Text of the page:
A Tribute to Dan W. Quinn (1859? - 7 November 1938)
by Tim Gracyk
Recording pioneer Dan W. Quinn was born in
Francisco, perhaps in 1859 since Jim
Walsh reports in the December
1961 issue of Hobbies that Quinn was 79 years old when he died.
Posing with other Edison artists of 1900, Quinn
appears to be around 40 years old in a photograph
that is reprinted in the January 1971 issue of
Hobbies. He was occasionally identified as a
baritone but most often as a tenor.
Quinn was a boy soprano in an Episcopal choir and
was evidently a vaudeville performer when he was a
young man. His photograph is on the cover of sheet
music of the 1890s.
He recounted how he began recording in a letter sent
to Walsh, who quotes it at length in "Reminiscences
of Dan W. Quinn," published in the July 1934 issue
of Music Lovers' Guide: "In January 1892, I was
engaged to entertain a political club in Hoboken.
One of the features was a man who gave a
phonograph exhibition and invited everyone to make
a voice test...The phonograph was a great novelty at
the time, and these records created a lot of
amusement, though most of them were terrible. I
was loath to make an attempt, but they all begged
me, and finally I did. I was lucky enough to have a
voice and style of singing that were just 'made' for
recording...I don't know what it was about my voice
that made it 'go,' as I always sang quietly. There
must have been some latent penetrating power.
Anyway, the operator urged me to go to one of the
laboratories and make a real test. In a short time I
went to the New York Company, located at 257 Fifth
Avenue. Richard Townley Haines was the manager
and he was so much taken by my singing that I did a
lot of work for him. I'll never forget one of the first
records I made. It was "Down Went McGinty'...In a
little while I began to hear of other phonograph
companies, so I graduated to the New Jersey
[Phonograph] Company at Newark....I was new, and
my fund of material interested them greatly."
Quinn explained why he was among the most
successful recording artists of the 1890s: "It was
while working for Vic Emerson [a Columbia
executive in the 1890s] that I began to work like a
good fellow and went after all the latest songs. I
learned everything, whether it naturally suited my
style or not. The good singers--I mean fellows like
John W. Myers and George Gaskins
[sic]--were slow getting up their stuff, and I, being a sight reader, just
couldn't keep from learning every new number. I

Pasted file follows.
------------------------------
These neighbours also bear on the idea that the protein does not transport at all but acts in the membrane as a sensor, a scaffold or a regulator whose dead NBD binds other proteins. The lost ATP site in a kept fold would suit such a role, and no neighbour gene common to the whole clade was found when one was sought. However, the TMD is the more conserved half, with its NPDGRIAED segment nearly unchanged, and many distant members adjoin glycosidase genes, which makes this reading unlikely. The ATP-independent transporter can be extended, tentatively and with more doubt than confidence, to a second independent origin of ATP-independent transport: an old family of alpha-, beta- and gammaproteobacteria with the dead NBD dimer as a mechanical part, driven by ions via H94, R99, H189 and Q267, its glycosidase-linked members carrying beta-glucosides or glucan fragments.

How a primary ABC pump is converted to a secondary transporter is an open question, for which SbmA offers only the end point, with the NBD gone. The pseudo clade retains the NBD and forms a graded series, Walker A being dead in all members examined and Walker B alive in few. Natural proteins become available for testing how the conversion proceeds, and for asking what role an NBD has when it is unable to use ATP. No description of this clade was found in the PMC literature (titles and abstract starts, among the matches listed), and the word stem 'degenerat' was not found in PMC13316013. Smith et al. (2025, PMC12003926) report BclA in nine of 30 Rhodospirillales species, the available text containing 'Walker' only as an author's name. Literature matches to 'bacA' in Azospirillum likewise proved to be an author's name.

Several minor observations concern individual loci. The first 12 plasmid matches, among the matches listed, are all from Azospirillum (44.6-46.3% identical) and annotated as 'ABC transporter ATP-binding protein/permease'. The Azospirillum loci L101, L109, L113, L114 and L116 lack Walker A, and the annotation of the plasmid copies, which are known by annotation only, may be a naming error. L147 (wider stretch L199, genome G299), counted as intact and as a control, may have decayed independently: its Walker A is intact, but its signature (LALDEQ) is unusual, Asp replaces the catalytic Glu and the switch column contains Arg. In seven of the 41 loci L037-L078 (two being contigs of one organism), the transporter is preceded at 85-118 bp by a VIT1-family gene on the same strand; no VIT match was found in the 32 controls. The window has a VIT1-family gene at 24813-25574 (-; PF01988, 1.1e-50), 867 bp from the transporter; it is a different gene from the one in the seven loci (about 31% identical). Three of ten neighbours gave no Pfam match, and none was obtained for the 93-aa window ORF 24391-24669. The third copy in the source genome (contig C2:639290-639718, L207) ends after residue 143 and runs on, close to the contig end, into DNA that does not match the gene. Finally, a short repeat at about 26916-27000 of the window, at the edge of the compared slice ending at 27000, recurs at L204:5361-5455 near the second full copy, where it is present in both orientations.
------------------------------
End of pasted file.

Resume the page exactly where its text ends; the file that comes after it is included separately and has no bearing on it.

sang the hits of 'The Geisha,' 'San Toy,' 'The
Runaway Girl,' and every other Broadway success
then in vogue. I was the first to make records of
'Sweet Rosie O'Grady,' 'The Sidewalks of New York,'
'Daisy Bell,' 'Little Annie Rooney,' 'The Bowery' and
'The Cat Came Back'....But I didn't stick altogether
to comic, sentimental and topical numbers. Mr.
Emerson and Mr. Tewksbury, his assistant, wouldn't
allow anybody else to sing the Moody and Sankey
hymns, such as 'I Need Thee Every Hour' and
'Throw Out the Life Line'....It took me back to my
boyhood days when I was a boy soprano in an
Quinn recorded regularly from 1892 to 1905. He
made recordings for the Phonograph Record and
Supply Company ("Laboratory, 97, 99 & 101 Reade
Street, New York"), which included in its
supplementary list dated August 1896 these titles
sung by Quinn concerning that year's presidential
race between William McKinley and William J.
Bryan: "A Presidential Boom (Negro)" (380), "The
Campaign Cry of Freedom" (381), "McKinley Is Our
Man" (383), and "We Want You, McKinley" (384).
Columbia's November 1896 catalog, which lists over
60 Quinn titles, states, "Mr. Quinn's reputation as a
vocalist is so well established that the mere
announcement of his name is a guarantee of the
He was one of Berliner's most important artists,
recording nearly a hundred titles. The only singer to
cover more titles for the disc company was tenor
George J. Gaskin. Perhaps the earliest Quinn discs to
be issued were "Girl Wanted" (935), recorded on
November 3, 1895, and "Henrietta, Have Your Met
Her?" (151), also recorded in November 1895.
An April 1899 catalog issued by the National Gram-
o-phone Company, maker of Berliner discs,
identifies Quinn as "The King of Comic Singers."
Berliners made by Quinn featuring show tunes
include a "popular Hebrew dialect song" (as the
National Gram-o-phone catalog characterizes it)
titled "Ikey Eisenstein," from the show An American
Beauty (1737--it was also recorded as Edison 1039)
and, from the show Hurly Burly, "Little Old New
York Is Good Enough For Me" (030), recorded on
April 4, 1899.
In contrast to singers who recorded standards, Quinn
as a Berliner artist covered new songs, nearly all of
them quickly forgotten, few being recorded by other
artists. They include "Down in Poverty Row"
(Berliner 161), "I've Been Hoodoed" (198), "The
Irish Cake Walk" (1822), and "Then Pour Us A
Drink Bartender" (1600), recorded on November 11,
1896. Songs recorded by Quinn that were genuine
hits of the day, as evident by the variety of singers
who recorded them, include "The Belle of Avenoo
[sic] A" (184) and Dresser's "Just Tell Them That
You Saw Me" (189). Quinn confirms in his letter to
Walsh that he recorded mostly topical numbers
though he wished to sing more hymns: "I made my